Words of love and wisdom from Sandy Hook

Saturday marks the first anniversary of the Sandy Hook massacre that took the lives of 20 young children and seven adults in an act of violence that remains difficult, if not impossible, to imagine.

The families of those killed have wisely asked to be left alone, without the intrusion of vulture journalism. And some have suggested that all of us can best commemorate those beloved children and educators by undertaking, in this anniversary week, acts of kindness, volunteering our time and our attention in any way we can.

Doing so will not erase the frustration many people feel that, a year after the tragedy, no legislative action of any kind has been taken to expand background checks for gun purchases or to further limit access to firearms and ammunition by people with criminal backgrounds or psychiatric conditions. A Senate bill expanding background checks hit a Republican filibuster on April 17 and died. Nothing has happened since.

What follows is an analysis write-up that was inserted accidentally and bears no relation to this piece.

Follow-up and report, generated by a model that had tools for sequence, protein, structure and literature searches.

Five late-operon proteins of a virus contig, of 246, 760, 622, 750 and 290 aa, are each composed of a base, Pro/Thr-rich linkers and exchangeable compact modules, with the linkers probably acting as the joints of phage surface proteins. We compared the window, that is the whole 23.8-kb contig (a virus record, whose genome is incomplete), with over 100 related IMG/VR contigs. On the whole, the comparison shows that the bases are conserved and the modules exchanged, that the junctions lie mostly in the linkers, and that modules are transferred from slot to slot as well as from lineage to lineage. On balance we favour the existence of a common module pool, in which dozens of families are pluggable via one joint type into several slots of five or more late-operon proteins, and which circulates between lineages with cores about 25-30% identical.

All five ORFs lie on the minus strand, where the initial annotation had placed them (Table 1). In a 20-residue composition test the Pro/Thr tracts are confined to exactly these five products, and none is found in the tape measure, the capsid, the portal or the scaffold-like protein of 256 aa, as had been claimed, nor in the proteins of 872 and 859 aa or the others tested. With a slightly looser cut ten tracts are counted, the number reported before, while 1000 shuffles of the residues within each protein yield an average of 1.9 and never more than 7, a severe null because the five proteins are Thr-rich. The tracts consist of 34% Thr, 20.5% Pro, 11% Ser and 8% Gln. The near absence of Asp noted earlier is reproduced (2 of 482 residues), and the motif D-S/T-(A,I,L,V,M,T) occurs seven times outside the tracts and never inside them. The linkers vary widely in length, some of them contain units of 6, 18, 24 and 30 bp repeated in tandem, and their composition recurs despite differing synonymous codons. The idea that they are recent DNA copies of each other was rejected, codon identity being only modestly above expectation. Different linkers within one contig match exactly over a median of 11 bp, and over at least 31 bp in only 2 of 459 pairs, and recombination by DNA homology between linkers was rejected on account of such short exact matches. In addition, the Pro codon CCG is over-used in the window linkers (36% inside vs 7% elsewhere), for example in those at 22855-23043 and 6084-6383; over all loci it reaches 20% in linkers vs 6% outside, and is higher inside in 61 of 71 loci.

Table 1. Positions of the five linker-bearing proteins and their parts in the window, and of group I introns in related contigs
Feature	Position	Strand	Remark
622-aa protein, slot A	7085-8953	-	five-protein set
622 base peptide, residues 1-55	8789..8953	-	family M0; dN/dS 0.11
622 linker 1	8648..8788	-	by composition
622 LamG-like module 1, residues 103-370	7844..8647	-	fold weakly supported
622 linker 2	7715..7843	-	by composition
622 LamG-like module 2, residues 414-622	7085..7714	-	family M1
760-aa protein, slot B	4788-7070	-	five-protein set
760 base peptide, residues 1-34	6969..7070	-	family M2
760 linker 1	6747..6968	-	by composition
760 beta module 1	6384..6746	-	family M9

But given the armed nature of America and the political power of the gun lobby, it isn’t clear that more gun control is a pragmatic solution. And there may not be one.

But some of the wisest words we’ve read on Sandy Hook come from Alissa Parker, whose 6-year-old daughter Emilie was one of the victims. Parker now has a popular blog, on which she wrote the following entry:

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